The actor departs, promising to keep in touch. The director marshals his resources, adjusts the strap on his used Kenneth Cole attaché case and marches courageously into the theatre to break the news. People are shocked. The female lead immediately dials her now-former opposite, leaving a whispered an impassioned inquiry via voice mail. As she is doing this, the director is telling the cast why the actor cannot do the show; surprisingly, even this old war-horse with over a decade of community theatre and semi-professional regional theatre is moved to tears. Briefly. It is a moment that the female lead will recall decades later in the bar at O’Flaherty’s, drawing deep on a Parliament and staring off into the middle distance, “I heard he moved to New York, that’s actually why I came. I never expected to get work. Funny how that happens. Little fucker never called any of us again. Far as I know, he’s fat and married in Suburbia. At least I am in New York.

Back to the present: one actor dropping out sends shockwaves through the cast. Those who considered it begin to reevaluate. The female lead is only here because he was going to do the show. Her parents were coming down from Oregon to sort of officially meet him but she made her mother promise not to freak Dad out. Or smile at him with big eyes and teeth that say marry my daughter, marry my daughter, you’re the first straight actor she’s ever liked and the last guy was a meth-head who hit her. A lot.

The production is in danger of breaking down here. Realistically, it probably would. In Edward’s Imaginary Theatre of Yes!, however, the producer steps in with bold and encouraging words: “You are all under contract. That actor will have me to reckon with and his reputation will suffer. We will find a replacement. You are all wonderful, truly the most amazing and talented cast I have ever seen in my life. This show will be a complete success no matter what. I feel it in my bones. Now, I want you all to work very hard today. It’s going to be tough, but I know that together, we can do it. I will find you a new lead. Hooray!”

Actors are generally desperate people. This rousing speech brings them to their feet, applauding and cheering. Rehearsal gets off to an unnaturally cheery start, with the director working all scenes in which the male lead is not an immediate part; the Stage Manager reads the lead’s lines from the second row, completely monotone. It’s a superb performance by all involved.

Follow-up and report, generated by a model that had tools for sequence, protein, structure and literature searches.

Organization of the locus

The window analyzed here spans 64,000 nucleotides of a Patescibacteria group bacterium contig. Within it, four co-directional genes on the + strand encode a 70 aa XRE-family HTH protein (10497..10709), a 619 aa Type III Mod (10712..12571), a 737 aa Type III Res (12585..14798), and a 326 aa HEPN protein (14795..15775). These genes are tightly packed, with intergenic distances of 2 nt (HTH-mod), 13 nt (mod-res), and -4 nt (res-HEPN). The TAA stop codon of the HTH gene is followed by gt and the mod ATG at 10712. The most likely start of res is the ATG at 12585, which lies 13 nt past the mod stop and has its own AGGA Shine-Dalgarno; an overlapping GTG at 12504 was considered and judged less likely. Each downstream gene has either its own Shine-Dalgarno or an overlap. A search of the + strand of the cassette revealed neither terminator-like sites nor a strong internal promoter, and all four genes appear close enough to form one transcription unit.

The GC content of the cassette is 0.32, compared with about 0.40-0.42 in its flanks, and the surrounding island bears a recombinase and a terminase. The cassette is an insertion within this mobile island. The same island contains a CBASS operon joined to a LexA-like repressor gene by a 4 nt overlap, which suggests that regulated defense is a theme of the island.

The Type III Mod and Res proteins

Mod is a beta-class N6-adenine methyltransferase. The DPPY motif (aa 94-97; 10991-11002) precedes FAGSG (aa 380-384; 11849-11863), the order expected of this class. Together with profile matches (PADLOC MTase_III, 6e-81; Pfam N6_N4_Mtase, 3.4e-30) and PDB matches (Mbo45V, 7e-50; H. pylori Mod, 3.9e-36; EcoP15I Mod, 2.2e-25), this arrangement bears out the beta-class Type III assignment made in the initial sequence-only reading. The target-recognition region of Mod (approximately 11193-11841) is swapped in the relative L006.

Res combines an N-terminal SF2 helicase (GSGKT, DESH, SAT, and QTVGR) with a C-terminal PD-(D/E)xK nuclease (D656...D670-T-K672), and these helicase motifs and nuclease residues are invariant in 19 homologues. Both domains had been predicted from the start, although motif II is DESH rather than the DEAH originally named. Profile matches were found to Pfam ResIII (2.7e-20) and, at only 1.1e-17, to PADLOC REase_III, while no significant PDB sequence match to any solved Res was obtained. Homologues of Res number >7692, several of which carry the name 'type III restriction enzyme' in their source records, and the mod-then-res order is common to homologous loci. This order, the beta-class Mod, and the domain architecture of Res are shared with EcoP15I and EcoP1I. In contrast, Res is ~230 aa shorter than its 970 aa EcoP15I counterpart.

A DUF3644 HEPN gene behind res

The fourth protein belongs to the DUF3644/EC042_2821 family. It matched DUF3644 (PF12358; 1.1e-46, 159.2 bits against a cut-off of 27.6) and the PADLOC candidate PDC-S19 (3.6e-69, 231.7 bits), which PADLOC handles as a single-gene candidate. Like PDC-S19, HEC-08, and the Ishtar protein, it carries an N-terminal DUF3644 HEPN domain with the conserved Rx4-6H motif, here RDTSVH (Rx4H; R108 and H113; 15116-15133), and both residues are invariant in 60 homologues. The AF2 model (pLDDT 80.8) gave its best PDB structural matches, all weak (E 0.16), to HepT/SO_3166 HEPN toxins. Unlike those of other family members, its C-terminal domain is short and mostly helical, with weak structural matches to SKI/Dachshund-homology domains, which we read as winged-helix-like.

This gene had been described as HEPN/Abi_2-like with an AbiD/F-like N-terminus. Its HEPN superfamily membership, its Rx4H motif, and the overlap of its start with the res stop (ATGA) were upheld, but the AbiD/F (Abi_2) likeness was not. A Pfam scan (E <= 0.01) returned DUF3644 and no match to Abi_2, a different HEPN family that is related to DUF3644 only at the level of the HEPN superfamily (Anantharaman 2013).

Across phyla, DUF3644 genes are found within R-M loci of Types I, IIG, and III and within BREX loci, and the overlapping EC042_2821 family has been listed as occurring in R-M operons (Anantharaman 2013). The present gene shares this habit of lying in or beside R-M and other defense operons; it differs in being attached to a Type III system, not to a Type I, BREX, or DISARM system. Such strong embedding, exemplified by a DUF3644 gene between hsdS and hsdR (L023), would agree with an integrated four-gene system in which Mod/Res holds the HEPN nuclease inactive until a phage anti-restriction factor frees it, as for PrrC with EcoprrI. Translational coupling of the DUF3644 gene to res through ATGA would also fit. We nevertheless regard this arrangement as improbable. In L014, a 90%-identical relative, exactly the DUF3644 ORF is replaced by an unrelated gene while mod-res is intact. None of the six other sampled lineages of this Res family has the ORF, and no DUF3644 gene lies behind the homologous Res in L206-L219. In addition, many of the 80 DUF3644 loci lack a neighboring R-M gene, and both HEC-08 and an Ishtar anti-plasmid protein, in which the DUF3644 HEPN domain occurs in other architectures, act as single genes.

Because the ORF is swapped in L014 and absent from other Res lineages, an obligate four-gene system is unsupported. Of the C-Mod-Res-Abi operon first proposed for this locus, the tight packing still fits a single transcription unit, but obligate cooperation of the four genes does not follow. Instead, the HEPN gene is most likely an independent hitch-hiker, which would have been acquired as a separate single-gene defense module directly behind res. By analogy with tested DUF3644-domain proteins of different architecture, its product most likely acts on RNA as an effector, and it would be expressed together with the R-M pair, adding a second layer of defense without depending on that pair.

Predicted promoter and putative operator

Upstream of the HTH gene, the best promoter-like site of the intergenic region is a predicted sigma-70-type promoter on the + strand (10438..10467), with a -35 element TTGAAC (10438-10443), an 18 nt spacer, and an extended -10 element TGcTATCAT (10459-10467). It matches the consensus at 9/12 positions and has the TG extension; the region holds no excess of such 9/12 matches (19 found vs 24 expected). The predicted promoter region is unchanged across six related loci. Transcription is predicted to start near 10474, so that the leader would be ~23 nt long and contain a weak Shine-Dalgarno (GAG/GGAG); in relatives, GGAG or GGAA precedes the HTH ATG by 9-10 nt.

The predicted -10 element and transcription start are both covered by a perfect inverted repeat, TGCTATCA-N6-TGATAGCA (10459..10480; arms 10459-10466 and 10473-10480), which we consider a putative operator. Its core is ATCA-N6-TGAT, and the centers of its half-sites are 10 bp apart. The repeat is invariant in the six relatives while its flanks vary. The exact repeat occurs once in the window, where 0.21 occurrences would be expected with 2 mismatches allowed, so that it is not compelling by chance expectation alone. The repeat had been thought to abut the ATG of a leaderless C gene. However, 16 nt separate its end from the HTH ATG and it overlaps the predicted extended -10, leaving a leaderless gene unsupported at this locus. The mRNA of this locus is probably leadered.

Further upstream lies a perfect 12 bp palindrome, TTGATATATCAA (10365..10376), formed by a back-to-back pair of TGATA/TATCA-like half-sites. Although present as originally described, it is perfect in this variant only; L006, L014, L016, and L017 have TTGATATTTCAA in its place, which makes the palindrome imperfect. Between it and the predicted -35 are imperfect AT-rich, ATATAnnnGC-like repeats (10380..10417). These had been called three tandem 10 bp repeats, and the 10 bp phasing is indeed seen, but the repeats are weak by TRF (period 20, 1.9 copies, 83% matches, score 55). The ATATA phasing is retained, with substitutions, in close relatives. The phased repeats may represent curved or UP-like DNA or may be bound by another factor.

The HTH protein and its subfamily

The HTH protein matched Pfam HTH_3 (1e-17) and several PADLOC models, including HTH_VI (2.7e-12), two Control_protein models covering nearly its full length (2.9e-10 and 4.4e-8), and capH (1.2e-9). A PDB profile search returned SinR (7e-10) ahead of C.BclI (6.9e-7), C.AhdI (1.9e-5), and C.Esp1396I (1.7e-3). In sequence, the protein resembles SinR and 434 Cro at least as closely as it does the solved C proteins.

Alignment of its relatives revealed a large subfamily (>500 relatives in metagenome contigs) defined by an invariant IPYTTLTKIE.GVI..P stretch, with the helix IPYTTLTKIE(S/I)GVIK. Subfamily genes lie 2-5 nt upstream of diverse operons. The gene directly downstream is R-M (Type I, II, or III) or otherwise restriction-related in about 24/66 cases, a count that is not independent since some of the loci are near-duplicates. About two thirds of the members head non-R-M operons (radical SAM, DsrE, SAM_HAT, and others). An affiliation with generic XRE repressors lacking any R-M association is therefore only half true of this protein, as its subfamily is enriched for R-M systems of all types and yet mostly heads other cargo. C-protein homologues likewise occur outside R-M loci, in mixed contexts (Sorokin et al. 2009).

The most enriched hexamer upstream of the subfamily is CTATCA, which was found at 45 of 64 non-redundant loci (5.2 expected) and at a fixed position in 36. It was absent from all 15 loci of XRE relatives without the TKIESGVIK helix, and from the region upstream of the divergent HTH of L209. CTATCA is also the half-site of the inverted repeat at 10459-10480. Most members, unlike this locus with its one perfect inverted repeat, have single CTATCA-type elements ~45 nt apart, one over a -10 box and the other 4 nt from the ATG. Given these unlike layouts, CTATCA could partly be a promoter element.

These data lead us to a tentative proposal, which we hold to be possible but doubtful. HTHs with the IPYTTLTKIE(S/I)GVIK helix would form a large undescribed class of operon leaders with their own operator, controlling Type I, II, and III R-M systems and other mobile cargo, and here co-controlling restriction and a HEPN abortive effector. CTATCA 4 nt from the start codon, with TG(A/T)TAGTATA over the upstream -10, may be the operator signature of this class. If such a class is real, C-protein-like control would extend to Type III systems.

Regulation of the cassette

Bus Stop: Next Stop, Livermore! Part I

In Theatre on February 16, 2014 at 3:46 am

[Originally posted on my other blog, this post is one of several in which I chronicle the various rinky-dink aspects of American Theatre, from the very small community endeavors to the opulence of major Broadway productions. My theory is that, with only a few rare exceptions, there is always some aspect of every production — from Hamlet to Shrek the Musical — which is rinky-dink. If it’s not a problem with the writing, there’s a disconnect between Director, Designers, Management or Audience. It could be anything from the Producer pressuring the director to cast her daughter in the lead, to just plain terrible costumes. It delights me to tell you the truth about these things, because apparently I’m the only one who sees them. It’s equal parts therapeutic and just plain catty. I make no apologies. If you think your feelings might be hurt, fuck off in advance.]

On January 24, 2008 I heard Susan Steinberg of the Livermore Independent ask Dana Anderson (director of Bus Stop at Role Players Ensemble in Danville) if it would be possible to move Bus Stop to the new Bankhead Theatre in Livermore after it closes its Danville run. That’s how much she loves this production. Her review in the Independent (check archives for 1/24/08 here) is further proof of her love; sadly, she smothers the show with affection. The result is a plot and character play-by-play, effectively spoiling all the highlights for future audiences. I realize that many community papers review community theatre this way. I also realize that dogs lick their own asses. Neither of these truths makes me want to kiss the parties involved.